Imprisoned as a Teen, a Local Man Ushers Others Down the Path Toward Freedom
Community groups work together to expand re-entry mentoring program at the county jail
Via Eddie Ellis
Updated 9:36 a.m. Thursday: When Eddie Ellis was released from prison after 15 years behind bars, he was determined to get to a gas station and buy a pack of the Doublemint gum he’d been craving.
Beyond that, he didn’t have much sense of what his future would hold.
Ellis, who’d lived in Silver Spring before his arrest, was dead-set on staying out of trouble and getting a job, but accomplishing those goals with a manslaughter conviction on his record would be no easy task.
“At times, I almost gave up, because I was denied jobs like 10 or 15 times,” said Ellis, who was 31 years old at the time. “I was like, ‘If I can’t get a job, then what am I going to do?'”
But he kept persisting. And 12 years later, Ellis has a job, a wife and kids, a home in Olney and a purpose: To help other inmates succeed upon their release.
Wednesday night, at the Silver Spring Civic Building, Ellis shared information about the re-entry services he provides at the Montgomery County Correctional Facility in Boyds and at other facilities in the region. He also began recruiting volunteers to join him in the effort.
The Takoma Foundation has awarded a $2,000 grant to Ellis’ organization, One by 1, so that he can train 15 community volunteers as re-entry mentors for inmates at the Montgomery County Correctional Facility. Beginning this fall, the volunteers will spend three months meeting their mentees at the jail to prepare them for release. They’ll stick with the same mentees for another three months after they leave the facility.
The mentors will walk the inmates through a One by 1 workbook designed to help them understand their needs and plan for their future. The volunteers will also help their mentees connect with community resources that can support them during their transition.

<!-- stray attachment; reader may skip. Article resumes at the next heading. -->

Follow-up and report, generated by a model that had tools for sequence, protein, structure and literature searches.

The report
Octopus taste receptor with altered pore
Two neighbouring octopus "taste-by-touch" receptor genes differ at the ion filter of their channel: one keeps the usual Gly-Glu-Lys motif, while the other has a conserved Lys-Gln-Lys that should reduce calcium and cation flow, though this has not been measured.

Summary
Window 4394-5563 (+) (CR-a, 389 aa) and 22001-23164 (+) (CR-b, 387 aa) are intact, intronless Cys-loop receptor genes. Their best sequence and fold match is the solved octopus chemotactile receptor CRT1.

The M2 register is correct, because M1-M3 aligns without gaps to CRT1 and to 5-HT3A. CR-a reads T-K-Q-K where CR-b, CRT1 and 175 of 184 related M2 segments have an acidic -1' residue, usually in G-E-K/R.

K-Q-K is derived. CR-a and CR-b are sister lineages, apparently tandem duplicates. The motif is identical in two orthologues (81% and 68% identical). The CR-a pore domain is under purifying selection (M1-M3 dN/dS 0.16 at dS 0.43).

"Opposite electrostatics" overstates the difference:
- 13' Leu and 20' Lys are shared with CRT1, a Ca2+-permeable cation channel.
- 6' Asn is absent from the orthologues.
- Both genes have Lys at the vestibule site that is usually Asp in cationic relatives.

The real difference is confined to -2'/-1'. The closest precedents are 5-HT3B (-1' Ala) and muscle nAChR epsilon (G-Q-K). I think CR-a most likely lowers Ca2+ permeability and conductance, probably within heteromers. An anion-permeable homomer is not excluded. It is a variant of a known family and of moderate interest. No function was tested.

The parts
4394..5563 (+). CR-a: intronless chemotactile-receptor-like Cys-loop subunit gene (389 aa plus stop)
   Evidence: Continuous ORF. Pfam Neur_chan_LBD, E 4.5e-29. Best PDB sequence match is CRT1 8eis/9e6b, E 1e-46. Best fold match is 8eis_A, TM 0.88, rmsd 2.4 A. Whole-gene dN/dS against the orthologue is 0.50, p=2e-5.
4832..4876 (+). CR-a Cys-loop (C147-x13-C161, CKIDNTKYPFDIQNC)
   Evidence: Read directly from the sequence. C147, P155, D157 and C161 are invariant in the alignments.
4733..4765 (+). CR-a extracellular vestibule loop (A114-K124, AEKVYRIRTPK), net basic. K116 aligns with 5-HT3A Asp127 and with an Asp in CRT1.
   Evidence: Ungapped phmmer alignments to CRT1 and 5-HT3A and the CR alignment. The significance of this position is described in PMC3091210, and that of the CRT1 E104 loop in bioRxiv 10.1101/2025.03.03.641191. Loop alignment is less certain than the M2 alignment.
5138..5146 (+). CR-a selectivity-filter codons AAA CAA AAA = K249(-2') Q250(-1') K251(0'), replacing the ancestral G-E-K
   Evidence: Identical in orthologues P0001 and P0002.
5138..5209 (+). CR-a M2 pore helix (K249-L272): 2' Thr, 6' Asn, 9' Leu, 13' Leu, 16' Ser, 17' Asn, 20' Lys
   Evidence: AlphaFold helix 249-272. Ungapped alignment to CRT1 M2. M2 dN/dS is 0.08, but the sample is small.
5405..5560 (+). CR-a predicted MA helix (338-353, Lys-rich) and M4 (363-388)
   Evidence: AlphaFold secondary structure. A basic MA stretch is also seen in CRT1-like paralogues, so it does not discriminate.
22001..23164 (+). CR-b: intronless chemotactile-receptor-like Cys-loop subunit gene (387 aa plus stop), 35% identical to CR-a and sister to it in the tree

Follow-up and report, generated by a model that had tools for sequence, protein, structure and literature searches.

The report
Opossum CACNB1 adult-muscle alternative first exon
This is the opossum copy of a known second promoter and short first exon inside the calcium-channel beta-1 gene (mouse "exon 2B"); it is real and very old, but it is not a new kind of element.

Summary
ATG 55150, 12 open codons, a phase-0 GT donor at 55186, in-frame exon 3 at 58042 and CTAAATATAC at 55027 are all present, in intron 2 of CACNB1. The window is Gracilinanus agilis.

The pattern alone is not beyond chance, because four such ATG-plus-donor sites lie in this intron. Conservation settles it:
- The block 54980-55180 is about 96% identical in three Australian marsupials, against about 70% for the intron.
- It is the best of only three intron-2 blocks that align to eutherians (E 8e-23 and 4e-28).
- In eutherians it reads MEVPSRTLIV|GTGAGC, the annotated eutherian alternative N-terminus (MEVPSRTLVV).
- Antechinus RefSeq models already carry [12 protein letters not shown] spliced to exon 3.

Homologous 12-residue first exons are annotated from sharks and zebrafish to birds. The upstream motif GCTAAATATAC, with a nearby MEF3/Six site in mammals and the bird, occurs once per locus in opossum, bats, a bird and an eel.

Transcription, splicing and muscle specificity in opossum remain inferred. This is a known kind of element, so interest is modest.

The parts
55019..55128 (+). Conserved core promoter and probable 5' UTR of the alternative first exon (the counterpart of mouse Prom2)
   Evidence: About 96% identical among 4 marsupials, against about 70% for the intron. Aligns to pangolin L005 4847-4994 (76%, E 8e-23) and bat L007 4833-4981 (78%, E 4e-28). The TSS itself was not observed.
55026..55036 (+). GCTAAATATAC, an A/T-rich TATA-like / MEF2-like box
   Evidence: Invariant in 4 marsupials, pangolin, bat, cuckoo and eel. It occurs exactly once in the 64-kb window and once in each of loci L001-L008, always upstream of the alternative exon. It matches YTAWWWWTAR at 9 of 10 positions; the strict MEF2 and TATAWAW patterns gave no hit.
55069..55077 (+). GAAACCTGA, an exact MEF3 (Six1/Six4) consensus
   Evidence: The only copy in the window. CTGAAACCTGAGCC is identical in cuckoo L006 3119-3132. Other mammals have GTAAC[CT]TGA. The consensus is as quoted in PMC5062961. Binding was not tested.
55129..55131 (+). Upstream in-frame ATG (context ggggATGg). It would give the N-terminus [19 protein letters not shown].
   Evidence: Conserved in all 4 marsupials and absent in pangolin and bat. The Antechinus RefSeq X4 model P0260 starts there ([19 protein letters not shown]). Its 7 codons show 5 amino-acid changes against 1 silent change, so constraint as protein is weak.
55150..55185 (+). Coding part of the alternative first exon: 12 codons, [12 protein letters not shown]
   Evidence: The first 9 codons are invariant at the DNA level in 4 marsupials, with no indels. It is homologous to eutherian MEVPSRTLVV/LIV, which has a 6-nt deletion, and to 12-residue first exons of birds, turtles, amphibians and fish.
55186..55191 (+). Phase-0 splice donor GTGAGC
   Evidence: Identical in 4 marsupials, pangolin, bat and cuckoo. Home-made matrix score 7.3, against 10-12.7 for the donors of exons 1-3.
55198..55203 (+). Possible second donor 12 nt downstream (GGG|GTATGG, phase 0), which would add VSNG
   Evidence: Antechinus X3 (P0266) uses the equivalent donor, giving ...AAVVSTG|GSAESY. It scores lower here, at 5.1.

The Montgomery County Correctional Facility, a jail with space for up to 1,028 inmates, holds men or women who are either awaiting trial or serving sentences of 18 months or less. Last year, the county released 4,447 people from incarceration, some of them more than once because they had multiple arrests, according to the county’s department of correction and rehabilitation.
The department has a reentry services unit that coordinates education, substance abuse treatment and workforce development programs for inmates.
But Ellis said there’s a need for increased support for re-entering individuals, who have to navigate everything from getting a driver’s license to finding housing.
Shayla Davis, a Takoma Park Mobilization leader who helped organize Wednesday night’s event, said it’s also important to offer some continuity in the services provided inside and outside the jail walls.
“We’re trying to explore to see if folks are coming back to Takoma Park and Silver Spring who don’t have the access to resources they need,” she said. “I think people need a little more hand-holding.”
Davis said she hopes the pilot program with the 15 volunteer mentors will grow into an ongoing initiative, perhaps even spreading to other jurisdictions.
Ellis and Davis said the barriers to successful re-entry are many and varied. Davis said many people struggle to balance their job search with other priorities, such as seeking out mental health services. Some people grapple with keeping up on their child support payments as they search for employment, Ellis said.
After his release from a Pennsylvania prison, Ellis spent about six or seven months getting turned down for jobs at paint stores, Home Depot and construction sites before he finally landed a position with a company that provided cleaning services.
Several years later, in 2008, Ellis founded his nonprofit One by 1 to provide mentoring and personal development tools to young people and adults and to work with reentering inmates throughout the D.C. region. Earlier this year, he took a position at the Campaign for the Fair Sentencing of Youth as a coordinator for the Incarcerated Children’s Advocacy Network.
Wednesday night’s meeting was sponsored by Takoma Park Mobilization and the Montgomery County chapter of the ACLU. Those who couldn’t make the meeting can learn more about becoming a mentor on the One by 1 website.